Google Refunding Millions for Charges Children Made

Google announced that it will pay complete refunds that total as much as $19 million to consumers that had their accounts charged for purchases that their children made for apps without the parental consent needed. The apps were purchased from the Google Play app store.

The settlement by Google is part of the third Federal Trade Commission case about purchases by children of in-apps that were unauthorized.

The FTC settled with tech giant Apple for nearly $32.5 million this past January and filed a complaint against online retailer Amazon, which said it would not settle.

In the case of Google, the FTC has said since 2011, consumers have reported that children made charges that were unauthorized ranging from as little as 99 cents to $200.

Most of the interaction with services online for mobile devices occurs through different apps as opposed to browsers.

The firm said it estimates that 7 out of 8 minutes of mobile devices media consumption is through apps.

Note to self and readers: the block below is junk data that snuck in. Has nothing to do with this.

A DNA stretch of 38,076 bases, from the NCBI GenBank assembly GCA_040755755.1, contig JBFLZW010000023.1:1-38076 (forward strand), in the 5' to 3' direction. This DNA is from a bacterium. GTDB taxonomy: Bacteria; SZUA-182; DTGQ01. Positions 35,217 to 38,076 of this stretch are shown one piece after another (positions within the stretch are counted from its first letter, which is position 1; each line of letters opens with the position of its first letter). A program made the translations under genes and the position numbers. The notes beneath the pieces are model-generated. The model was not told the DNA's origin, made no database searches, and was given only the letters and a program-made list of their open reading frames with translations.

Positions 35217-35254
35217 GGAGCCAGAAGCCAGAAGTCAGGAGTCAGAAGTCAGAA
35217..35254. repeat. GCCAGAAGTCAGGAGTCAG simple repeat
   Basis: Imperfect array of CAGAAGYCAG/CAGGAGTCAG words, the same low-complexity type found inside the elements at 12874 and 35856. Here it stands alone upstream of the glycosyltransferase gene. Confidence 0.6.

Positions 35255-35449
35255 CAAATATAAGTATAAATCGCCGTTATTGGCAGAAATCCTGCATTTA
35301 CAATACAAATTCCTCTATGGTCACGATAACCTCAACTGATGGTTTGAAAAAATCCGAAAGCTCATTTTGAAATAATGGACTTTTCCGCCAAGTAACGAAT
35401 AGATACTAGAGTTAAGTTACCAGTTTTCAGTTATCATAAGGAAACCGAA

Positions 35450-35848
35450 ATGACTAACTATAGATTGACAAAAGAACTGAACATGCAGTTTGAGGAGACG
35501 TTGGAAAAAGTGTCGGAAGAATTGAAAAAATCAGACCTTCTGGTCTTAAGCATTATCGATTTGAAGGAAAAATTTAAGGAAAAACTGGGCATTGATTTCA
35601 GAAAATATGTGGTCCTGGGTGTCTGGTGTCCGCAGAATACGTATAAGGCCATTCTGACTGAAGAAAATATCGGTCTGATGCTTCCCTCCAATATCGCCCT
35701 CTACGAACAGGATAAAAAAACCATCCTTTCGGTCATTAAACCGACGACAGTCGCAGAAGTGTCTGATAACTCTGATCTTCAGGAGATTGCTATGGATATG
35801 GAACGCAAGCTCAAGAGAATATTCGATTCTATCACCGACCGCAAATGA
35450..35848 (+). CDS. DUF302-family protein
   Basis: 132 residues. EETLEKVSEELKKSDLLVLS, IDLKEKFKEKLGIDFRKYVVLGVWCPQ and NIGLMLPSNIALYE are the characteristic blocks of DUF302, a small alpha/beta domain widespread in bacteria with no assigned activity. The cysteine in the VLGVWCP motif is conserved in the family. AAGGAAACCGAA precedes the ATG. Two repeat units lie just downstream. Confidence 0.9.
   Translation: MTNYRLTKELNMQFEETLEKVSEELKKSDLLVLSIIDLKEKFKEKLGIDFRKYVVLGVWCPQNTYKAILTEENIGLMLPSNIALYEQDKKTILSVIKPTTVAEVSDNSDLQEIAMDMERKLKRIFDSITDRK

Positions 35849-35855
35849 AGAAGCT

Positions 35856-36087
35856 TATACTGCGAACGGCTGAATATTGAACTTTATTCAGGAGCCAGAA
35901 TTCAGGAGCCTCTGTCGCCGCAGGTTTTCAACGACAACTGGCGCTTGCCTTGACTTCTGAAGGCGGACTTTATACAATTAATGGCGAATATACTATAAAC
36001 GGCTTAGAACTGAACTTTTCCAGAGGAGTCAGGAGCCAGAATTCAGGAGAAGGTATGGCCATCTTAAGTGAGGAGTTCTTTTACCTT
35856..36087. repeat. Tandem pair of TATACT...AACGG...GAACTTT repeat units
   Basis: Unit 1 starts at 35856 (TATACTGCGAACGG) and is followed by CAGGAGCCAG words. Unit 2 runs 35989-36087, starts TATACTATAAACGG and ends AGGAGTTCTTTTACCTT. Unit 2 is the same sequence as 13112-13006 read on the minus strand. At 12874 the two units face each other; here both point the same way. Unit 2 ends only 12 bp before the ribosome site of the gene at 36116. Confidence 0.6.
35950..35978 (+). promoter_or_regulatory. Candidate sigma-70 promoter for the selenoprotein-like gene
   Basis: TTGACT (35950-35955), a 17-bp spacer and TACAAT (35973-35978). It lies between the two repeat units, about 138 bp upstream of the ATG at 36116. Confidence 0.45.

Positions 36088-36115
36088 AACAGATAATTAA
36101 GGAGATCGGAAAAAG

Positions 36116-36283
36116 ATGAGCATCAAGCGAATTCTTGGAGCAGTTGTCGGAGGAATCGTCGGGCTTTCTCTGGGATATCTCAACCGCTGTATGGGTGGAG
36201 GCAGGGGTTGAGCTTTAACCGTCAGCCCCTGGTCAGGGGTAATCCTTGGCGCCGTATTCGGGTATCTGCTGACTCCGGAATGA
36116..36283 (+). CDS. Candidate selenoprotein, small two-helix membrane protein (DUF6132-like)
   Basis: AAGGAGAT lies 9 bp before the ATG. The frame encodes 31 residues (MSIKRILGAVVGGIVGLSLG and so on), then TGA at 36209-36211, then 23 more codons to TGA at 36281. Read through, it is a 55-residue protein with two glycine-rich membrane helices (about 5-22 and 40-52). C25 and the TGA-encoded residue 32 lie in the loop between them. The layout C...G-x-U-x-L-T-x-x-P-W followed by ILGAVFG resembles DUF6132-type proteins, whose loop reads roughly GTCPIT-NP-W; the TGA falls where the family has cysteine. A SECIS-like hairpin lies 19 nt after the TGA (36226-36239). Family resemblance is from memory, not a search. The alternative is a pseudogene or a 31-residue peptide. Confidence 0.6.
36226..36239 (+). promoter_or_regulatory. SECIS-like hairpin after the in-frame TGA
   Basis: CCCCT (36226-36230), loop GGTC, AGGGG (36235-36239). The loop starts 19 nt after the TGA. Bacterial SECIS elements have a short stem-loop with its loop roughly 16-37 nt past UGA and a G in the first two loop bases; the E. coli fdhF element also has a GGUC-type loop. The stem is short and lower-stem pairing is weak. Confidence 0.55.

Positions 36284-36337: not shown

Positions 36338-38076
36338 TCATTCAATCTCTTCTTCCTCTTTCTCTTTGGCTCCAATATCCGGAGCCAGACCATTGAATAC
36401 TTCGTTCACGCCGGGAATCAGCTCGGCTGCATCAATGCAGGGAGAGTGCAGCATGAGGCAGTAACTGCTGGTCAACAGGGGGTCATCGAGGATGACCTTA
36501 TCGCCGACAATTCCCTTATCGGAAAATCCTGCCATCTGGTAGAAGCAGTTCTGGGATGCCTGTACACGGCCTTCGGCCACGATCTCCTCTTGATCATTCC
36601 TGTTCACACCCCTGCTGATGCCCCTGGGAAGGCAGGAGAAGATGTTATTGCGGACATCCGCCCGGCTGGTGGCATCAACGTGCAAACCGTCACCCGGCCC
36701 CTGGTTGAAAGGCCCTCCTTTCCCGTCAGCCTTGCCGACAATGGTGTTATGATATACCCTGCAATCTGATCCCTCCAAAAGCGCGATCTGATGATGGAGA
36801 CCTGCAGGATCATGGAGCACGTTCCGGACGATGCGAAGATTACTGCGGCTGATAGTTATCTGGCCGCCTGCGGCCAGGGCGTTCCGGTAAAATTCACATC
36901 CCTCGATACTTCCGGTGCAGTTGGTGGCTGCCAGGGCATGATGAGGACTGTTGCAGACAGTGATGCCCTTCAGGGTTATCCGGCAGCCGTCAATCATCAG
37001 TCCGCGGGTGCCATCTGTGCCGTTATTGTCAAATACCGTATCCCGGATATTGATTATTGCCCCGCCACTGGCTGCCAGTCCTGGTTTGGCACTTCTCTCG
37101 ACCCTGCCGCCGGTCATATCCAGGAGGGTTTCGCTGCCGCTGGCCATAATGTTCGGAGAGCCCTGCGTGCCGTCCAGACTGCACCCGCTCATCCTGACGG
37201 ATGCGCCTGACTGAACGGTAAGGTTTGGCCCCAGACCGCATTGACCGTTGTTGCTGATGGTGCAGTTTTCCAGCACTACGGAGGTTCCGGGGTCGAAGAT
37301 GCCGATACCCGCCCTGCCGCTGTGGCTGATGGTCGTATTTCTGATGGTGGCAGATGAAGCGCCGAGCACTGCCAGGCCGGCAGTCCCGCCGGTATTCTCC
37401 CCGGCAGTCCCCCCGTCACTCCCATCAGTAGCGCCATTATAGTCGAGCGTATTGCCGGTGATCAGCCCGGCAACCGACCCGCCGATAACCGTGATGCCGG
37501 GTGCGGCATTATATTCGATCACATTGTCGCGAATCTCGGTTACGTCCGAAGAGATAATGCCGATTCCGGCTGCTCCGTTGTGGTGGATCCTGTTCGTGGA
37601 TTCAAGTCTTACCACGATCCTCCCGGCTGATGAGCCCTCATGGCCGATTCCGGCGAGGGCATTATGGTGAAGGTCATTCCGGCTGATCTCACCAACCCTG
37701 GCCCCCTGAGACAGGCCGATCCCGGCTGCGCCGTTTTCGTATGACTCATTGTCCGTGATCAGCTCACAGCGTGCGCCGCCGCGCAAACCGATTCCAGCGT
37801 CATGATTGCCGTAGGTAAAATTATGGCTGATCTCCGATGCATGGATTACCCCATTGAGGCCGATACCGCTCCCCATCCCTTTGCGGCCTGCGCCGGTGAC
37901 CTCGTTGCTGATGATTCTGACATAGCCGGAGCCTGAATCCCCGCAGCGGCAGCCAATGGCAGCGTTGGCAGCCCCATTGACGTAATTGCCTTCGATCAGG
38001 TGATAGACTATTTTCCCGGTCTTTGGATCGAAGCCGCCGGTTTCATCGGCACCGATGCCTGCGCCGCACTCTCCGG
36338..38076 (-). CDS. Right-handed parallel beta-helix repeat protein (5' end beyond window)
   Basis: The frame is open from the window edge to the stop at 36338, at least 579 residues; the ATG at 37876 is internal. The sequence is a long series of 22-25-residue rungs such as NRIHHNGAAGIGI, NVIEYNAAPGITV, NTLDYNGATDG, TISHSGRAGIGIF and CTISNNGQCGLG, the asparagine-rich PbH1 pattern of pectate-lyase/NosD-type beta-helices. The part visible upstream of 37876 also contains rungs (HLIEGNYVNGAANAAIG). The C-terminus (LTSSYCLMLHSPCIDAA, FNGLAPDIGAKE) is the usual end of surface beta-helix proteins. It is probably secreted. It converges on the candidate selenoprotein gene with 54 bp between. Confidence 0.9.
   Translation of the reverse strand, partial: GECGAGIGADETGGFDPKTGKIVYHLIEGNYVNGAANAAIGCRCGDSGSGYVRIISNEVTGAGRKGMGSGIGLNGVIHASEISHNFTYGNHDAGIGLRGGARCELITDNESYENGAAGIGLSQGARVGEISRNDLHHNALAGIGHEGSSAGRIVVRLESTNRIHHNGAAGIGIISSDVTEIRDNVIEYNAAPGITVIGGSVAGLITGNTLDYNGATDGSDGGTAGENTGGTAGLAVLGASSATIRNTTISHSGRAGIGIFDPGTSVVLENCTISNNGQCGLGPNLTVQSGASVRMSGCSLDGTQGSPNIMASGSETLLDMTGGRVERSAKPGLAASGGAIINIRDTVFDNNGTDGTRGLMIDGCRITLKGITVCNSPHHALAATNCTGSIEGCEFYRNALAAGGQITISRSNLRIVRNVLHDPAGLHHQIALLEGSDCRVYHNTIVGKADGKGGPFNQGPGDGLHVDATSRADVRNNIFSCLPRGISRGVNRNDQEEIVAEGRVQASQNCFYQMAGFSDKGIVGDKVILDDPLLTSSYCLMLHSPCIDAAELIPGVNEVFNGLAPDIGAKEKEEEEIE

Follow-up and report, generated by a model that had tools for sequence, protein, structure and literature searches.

In the United States, it is estimated by comScore that the operating system by Android covers more than 83 million subscribers to smartphones versus 67 million iPhones.

According to the complaint by the FTC, when in-apps charges were introduced by Google in 2011 to Google Play, they were not protected by passwords.

Because of this, children were able to buy the apps just by clicking a popup box within the app as it was being used.

By the end of 2012 a pop-up box was instituted by Google asking for a password prior to payment but that to left a window of 30 minutes in which  not password was needed.

For many millions of families in America, tablets and smartphones are a big part of daily life, said Edith Ramirez the Chairwoman of the FTC.

The settlement requires Google to provide complete refunds of charges for in-app that were not authorized by children of nearly $19 million over the upcoming 12 months.

Google must also change its practices of billing to obtain informed, express consent from its consumers prior to billing them for charges for in-apps.